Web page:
By MYRNA M. VELASCO
Luzon grid was placed on its first ‘yellow alert’ incident this year on Thursday (January 16) due to the combined impact of forced outages of power plants as well as de-rating on their capacities, especially the generating assets that are sited in Batangas.
System operator National Grid Corporation of the Philippines (NGCP) raised yellow alert status for the grid from 10:01 to 11:00 during the morning peak in demand; then 1:01 to 4:00 p.m.; and the last one at 5:01 to 7:00 p.m. which are the peak demand-hours in the afternoon through evening.
The transmission firm said it was prompted on the ‘yellow alert’ declaration “due to insufficient operating reserve,” which entails then that if there would be additional capacities taken out from the system, available supply may not be enough to plug prospective shortfall.
The power plants reported to have suffered from forced outages had been the 647-megawatt Unit 1 of the Sual coal-fired power facility; and the 57MW Tiwi Unit 5 generating asset.
Moreover, the facilities with de-rated capacities had been: the 300MW Calaca plant which was just providing 234MW; 150MW SMC Consolidated Power Corp (SCPC) unit 2 with just an output of 140MW; the 720MW Kalayaan plant of which capacity had been down to 360MW; and then the 150MW Southwest Luzon Power Generation Corporation which was just at 145MW output.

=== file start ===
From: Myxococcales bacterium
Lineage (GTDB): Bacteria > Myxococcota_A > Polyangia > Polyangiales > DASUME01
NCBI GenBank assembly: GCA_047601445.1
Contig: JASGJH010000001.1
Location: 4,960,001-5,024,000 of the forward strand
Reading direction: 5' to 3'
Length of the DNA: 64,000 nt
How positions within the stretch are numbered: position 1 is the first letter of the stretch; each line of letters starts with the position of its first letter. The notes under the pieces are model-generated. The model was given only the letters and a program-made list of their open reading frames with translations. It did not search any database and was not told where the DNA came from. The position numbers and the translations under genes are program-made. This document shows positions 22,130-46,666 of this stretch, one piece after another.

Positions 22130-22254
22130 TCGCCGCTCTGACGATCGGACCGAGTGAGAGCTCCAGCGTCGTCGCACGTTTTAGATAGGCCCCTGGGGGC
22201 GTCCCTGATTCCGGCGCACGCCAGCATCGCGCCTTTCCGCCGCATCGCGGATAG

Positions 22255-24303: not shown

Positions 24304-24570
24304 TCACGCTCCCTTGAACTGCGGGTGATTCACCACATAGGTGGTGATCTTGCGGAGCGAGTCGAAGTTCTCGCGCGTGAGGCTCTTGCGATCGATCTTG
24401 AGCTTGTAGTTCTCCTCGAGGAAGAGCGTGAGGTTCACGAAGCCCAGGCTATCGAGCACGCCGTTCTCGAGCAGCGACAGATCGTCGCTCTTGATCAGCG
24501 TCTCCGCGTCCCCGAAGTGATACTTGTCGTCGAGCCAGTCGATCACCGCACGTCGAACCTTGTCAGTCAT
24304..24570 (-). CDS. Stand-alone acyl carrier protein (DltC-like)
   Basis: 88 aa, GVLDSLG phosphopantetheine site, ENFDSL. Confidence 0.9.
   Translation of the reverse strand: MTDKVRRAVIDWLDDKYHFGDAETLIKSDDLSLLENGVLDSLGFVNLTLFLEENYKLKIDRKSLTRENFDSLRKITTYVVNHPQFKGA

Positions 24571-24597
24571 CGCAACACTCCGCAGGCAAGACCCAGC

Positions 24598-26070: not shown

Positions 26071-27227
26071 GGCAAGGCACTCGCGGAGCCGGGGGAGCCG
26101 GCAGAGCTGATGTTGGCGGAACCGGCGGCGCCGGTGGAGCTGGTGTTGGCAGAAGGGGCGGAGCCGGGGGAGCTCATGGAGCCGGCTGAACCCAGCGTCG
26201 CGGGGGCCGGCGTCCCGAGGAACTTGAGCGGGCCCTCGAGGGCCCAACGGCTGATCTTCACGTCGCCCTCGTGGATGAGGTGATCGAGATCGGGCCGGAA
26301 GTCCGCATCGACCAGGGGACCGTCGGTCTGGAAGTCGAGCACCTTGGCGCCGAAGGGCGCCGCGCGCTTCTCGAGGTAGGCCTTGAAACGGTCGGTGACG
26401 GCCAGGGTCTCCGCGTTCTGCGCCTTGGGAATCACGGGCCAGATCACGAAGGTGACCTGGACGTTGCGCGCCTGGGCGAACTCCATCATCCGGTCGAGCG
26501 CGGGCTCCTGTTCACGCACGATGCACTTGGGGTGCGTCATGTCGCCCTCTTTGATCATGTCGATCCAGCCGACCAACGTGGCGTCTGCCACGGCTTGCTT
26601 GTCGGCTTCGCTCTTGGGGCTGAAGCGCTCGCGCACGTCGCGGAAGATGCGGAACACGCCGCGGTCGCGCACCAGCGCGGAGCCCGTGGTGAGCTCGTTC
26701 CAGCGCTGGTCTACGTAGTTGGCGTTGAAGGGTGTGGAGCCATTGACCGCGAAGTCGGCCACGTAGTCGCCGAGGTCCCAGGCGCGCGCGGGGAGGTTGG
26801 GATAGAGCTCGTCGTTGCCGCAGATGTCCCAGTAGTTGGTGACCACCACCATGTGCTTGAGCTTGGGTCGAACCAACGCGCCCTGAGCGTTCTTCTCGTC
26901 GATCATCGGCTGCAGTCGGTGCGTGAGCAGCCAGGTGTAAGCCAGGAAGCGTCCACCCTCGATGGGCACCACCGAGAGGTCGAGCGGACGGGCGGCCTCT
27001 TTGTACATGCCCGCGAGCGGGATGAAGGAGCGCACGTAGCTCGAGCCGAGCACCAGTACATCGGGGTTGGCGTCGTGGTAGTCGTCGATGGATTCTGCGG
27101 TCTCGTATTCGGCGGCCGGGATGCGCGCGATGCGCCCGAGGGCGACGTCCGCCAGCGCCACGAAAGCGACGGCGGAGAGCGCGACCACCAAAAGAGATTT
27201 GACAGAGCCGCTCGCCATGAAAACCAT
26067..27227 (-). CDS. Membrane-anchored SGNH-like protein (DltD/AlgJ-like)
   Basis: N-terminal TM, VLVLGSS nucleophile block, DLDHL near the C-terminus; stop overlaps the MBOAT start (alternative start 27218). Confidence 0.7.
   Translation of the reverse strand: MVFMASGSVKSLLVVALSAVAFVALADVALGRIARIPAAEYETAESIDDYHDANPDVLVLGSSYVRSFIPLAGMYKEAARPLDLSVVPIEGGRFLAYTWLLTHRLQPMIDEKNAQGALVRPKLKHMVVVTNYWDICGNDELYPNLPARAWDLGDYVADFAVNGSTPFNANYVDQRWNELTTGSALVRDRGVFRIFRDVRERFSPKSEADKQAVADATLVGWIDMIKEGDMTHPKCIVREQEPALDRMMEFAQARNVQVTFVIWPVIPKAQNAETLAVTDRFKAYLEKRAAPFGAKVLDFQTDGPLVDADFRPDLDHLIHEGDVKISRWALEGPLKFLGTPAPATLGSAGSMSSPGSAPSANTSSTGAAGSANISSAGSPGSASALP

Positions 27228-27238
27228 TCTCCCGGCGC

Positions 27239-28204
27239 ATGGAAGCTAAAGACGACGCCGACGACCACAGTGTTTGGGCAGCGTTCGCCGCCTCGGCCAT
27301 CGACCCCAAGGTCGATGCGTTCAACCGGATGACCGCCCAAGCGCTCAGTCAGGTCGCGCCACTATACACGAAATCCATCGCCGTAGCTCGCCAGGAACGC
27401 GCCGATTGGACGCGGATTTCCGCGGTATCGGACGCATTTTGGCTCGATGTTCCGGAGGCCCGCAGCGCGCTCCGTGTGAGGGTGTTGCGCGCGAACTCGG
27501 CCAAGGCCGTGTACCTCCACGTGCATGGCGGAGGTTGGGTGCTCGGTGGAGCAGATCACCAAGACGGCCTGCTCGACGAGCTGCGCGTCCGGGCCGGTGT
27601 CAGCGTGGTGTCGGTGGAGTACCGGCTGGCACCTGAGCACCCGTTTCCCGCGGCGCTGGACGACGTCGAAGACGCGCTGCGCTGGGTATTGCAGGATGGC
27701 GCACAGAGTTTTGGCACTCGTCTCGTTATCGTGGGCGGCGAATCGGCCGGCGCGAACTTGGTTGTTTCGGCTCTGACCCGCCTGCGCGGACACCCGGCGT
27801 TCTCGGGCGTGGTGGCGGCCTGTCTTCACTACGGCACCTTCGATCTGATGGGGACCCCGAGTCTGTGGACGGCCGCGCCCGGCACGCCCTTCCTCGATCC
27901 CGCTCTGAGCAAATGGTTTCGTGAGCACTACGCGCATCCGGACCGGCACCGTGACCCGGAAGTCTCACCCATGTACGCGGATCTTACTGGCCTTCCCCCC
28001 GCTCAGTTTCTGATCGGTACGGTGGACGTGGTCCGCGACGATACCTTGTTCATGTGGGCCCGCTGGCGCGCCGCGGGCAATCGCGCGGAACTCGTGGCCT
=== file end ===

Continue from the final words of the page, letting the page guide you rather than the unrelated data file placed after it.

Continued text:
NGCP also reported that other power plants had very limited capacity being wheeled to the grid due to line constraints instigated by the continuing eruption threat of the Taal Volcano.
One of the major plants affected with transmission line gridlock had been the two units of the 1,200MW Ilijan gas-fired power plant in Batangas, hence, reducing the capacity it has been yielding to the grid at just 760MW.
The other gas-fired plants in Batangas – primarily those operated and owned by First Gen Corporation, also cautioned previously that their operations may be curtailed if the brewing Taal eruption would worsen.
Tens of thousands of consumers in the Luzon grid have suffered from electricity service interruptions in the past days, but these were mainly attributed to the adverse effect of the ash fall from the volcano – and not necessarily of power supply shortfall.